Ukraine asks Lebanon to bar Syrian ship carrying 'stolen' corn from docking

BEIRUT (Reuters) - Ukrainian officials on Thursday asked Lebanon to bar a Syrian state-owned cargo ship carrying allegedly stolen Ukrainian grain from docking in Lebanon's Tripoli port, according to the Ukrainian embassy and a diplomatic note seen by Reuters.

The Ukrainian mission said in comments to Reuters that the Finikia was transporting 6,000 metric tons of corn, which it considered stolen, from the Black Sea port of Sevastopol.

In the note to Lebanon's ministries of transport, finance and economy, as well as the customs directorate, the embassy said the corn had been "stolen from storage units in the Zaporizhzhia, Mykolaiv and Kherson regions".

It said the ship was "in violation of international law" and expressed its hope that Lebanon "does not allow the entry of the aforementioned cargo ship FINIKIA to Lebanese ports to sell stolen Ukrainian grain."

Lebanon's ministers of transportation and finance did not immediately respond to Reuters requests for comment. Syria's government and the Syrian General Authority for Maritime Transport, which owns the Finikia, did not immediately respond to written questions.

Lebanon's economy minister said he had not received a formal note but that the embassy had sent similar notes in the past.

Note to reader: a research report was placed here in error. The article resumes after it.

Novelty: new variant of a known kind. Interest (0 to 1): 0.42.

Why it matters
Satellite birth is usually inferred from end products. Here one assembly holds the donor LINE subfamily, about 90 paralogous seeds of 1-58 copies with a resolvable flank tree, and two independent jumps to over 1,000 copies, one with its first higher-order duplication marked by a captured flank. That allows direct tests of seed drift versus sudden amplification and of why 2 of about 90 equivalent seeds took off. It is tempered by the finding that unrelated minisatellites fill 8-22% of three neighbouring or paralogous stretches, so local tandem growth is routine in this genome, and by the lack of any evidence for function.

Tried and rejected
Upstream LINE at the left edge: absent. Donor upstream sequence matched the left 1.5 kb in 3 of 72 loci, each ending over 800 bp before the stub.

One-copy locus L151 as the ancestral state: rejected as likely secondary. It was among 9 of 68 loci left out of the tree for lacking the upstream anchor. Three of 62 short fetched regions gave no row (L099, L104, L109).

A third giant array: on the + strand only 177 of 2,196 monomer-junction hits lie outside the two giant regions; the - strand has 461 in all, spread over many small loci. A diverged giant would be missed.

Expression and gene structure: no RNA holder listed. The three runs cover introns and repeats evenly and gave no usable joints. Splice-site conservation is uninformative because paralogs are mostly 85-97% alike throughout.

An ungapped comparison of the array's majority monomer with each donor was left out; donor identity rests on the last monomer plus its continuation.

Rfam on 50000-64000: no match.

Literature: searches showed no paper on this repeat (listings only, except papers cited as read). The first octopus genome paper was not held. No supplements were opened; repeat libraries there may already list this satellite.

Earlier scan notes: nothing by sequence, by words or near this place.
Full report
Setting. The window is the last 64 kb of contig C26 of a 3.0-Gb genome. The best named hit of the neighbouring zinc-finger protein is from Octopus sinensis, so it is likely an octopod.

Moscow has previously denied stealing Ukraine's grain.

According to MarineTraffic and a source at the Tripoli port, the ship had not yet docked there.

Last year, Ukraine raised the alarm when the Syrian-flagged Laodicea docked in Beirut carrying what Ukraine said was 10,000 metric tons of stolen flour and barley. Lebanon seized the ship but ultimately allowed it to leave. It sailed on to Syria.

Both the Finikia and the Laodicea are owned by the Syrian General Authority for Maritime Transport. The authority and the ships it owns have been sanctioned since 2015 by the United States for their alleged role in Syria's war.

Ukraine has estimated that 500,000 metric tons of what it calls plundered Ukrainian grain had arrived in Syria in 2022 since the February 2022 invasion, shipped from several ports.

A deal allowing the safe Black Sea export of Ukraine's grain expired in July.

(Reporting by Maya Gebeily; editing by Jonathan Oatis)